and \(\bar n\) being the average occupation number per mode. The squeezed–thermal states are then obtained as \(\rho _{{\mathrm{sq}}-{\mathrm{th}}} = \hat {\cal{S}}(\alpha )\rho _{{\mathrm{th}}}\hat {\cal{S}}^\dagger (\alpha )\) where the squeezing operator \(\hat {\cal{S}}(\alpha ) = {\mathrm{exp}}(\alpha \hat a_1^\dagger \hat a_2^\dagger - \alpha ^ \ast \hat a_1\hat a_2)\). We write the squeezing parameter as α = |α|e and further |α| = s sinϕ and the average thermal occupation number \(\bar n = s^2{\mathrm{cos}}^2\phi\). Thus, the parameters θ, s, and ϕ are the parameters characterizing the states ρsq-th. We take θ, s, and ϕ as random numbers uniformly distributed in the intervals [0, 2π], [0.8, 0.95], and 0.5 ± π/10, respectively. We have chosen the intervals for all the parameters such that 50% of the states are Gaussian entangled.

Photon-added squeezed states

The photon-added squeezed states are written as \(\rho _{{\mathrm{sq}} - {\mathrm{add}}} = A_{{\mathrm{add}}}{\kern 1pt} \hat a_1^\dagger \hat a_2^\dagger \hat {\cal{S}}(\alpha )|00\rangle \langle 00|{\kern 1pt} \hat {\cal{S}}^\dagger (\alpha )\hat a_2\hat a_1\) where we have considered α = |α|e with |α| and θ uniformly distributed in [0.1, 0.25] and [0, 2π], respectively, and Aadd is the normalization constant. The separability of these states is not always easy to recognize. For example, the Simon criterion does not detect the entanglement of these states for |α| < 0.378.48,49 We have chosen the parameter α in such a way that the prepared states have an average occupation number close to that of the training squeezed–thermal states.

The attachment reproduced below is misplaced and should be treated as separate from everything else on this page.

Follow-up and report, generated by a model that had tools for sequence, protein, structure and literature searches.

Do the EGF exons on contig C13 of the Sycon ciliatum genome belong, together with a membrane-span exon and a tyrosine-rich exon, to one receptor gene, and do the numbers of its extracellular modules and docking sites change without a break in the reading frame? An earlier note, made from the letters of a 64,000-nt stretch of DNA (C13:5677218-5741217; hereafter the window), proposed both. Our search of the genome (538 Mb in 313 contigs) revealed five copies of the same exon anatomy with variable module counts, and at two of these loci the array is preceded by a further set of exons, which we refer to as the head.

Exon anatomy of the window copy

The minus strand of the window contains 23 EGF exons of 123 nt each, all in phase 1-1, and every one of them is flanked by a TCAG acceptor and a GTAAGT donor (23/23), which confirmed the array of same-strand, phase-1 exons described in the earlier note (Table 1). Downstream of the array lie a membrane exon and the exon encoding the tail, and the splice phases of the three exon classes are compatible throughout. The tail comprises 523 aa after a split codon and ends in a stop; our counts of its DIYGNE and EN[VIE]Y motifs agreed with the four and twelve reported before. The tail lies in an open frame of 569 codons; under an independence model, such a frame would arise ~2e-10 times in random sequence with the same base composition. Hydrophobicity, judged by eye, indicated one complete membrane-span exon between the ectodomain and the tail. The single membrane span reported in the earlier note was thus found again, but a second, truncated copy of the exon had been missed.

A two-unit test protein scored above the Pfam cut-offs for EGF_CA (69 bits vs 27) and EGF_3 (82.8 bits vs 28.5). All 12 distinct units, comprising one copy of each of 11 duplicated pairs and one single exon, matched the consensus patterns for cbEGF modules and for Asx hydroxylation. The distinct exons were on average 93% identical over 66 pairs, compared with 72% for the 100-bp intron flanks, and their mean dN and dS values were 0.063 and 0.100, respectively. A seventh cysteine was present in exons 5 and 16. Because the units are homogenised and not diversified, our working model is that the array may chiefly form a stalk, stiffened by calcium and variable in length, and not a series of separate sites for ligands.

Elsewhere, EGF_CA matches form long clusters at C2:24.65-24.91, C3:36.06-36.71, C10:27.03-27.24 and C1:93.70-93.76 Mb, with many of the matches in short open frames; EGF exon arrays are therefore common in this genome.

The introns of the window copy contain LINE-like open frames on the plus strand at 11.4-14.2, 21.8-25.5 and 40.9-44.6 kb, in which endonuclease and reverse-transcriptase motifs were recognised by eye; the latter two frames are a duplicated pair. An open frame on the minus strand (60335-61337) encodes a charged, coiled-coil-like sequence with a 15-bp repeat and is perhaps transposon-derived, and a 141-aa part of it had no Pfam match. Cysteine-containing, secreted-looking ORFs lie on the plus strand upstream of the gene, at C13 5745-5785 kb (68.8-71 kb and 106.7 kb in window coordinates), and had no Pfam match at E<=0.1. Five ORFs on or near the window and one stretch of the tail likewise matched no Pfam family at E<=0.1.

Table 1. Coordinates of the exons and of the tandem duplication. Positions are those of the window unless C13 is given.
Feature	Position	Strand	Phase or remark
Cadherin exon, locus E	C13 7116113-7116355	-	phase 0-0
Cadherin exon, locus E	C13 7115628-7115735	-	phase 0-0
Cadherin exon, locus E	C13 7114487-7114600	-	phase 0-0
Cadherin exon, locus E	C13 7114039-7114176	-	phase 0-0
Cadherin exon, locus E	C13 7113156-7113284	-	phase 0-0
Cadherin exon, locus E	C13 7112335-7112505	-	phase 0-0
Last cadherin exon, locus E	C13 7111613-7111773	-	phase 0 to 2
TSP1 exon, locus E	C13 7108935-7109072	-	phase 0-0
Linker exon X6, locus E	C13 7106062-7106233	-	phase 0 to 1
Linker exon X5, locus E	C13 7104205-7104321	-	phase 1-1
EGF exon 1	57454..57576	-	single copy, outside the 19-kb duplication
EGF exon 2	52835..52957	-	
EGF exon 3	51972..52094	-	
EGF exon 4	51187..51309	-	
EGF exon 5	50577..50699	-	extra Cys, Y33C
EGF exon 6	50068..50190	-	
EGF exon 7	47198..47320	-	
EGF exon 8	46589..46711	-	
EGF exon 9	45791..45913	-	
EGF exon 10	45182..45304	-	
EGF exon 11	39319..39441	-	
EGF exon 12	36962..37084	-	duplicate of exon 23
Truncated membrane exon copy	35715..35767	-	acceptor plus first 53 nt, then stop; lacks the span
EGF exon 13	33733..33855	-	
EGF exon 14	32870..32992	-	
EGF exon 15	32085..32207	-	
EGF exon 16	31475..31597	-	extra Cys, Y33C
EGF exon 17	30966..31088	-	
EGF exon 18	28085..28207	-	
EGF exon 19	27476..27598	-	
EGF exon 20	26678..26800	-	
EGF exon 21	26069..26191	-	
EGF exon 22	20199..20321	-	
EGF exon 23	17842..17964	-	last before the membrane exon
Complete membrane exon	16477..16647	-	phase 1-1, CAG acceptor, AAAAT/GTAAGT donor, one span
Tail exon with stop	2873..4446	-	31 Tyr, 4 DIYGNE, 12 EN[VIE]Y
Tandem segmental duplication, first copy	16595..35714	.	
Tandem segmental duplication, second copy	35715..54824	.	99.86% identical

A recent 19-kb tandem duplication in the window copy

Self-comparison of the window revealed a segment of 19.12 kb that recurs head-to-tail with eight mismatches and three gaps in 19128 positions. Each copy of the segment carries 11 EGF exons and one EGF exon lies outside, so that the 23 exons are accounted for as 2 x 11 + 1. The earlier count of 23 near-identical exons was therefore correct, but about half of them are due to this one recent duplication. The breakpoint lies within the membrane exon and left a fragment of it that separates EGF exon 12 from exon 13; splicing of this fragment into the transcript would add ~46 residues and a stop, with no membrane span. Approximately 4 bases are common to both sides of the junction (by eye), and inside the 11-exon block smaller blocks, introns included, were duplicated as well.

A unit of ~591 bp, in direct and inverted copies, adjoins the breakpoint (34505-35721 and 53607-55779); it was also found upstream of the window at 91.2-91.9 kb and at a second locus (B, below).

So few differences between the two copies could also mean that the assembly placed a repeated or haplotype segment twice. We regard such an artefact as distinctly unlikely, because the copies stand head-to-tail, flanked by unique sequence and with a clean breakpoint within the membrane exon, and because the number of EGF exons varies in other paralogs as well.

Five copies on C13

Photon-subtracted squeezed states

The photon-subtracted squeezed states are experimentally relevant.50 These states are expressed as \(\rho _{{\mathrm{sq}} - {\mathrm{sub}}} = A_{{\mathrm{sub}}}{\kern 1pt} \hat a_1\hat a_2\hat {\cal{S}}(\alpha )|00\rangle \langle 00|{\kern 1pt} \hat {\cal{S}}^\dagger (\alpha )\hat a_2^\dagger \hat a_1^\dagger\) where we have considered α = |α|e with |α| and θ uniformly distributed in [0.8, 0.95] and [0, 2π], respectively, and Asub is the normalization constant. We have chosen the parameter α in such a way that the prepared states have an average occupation number close to that of the training states (squeezed–thermal).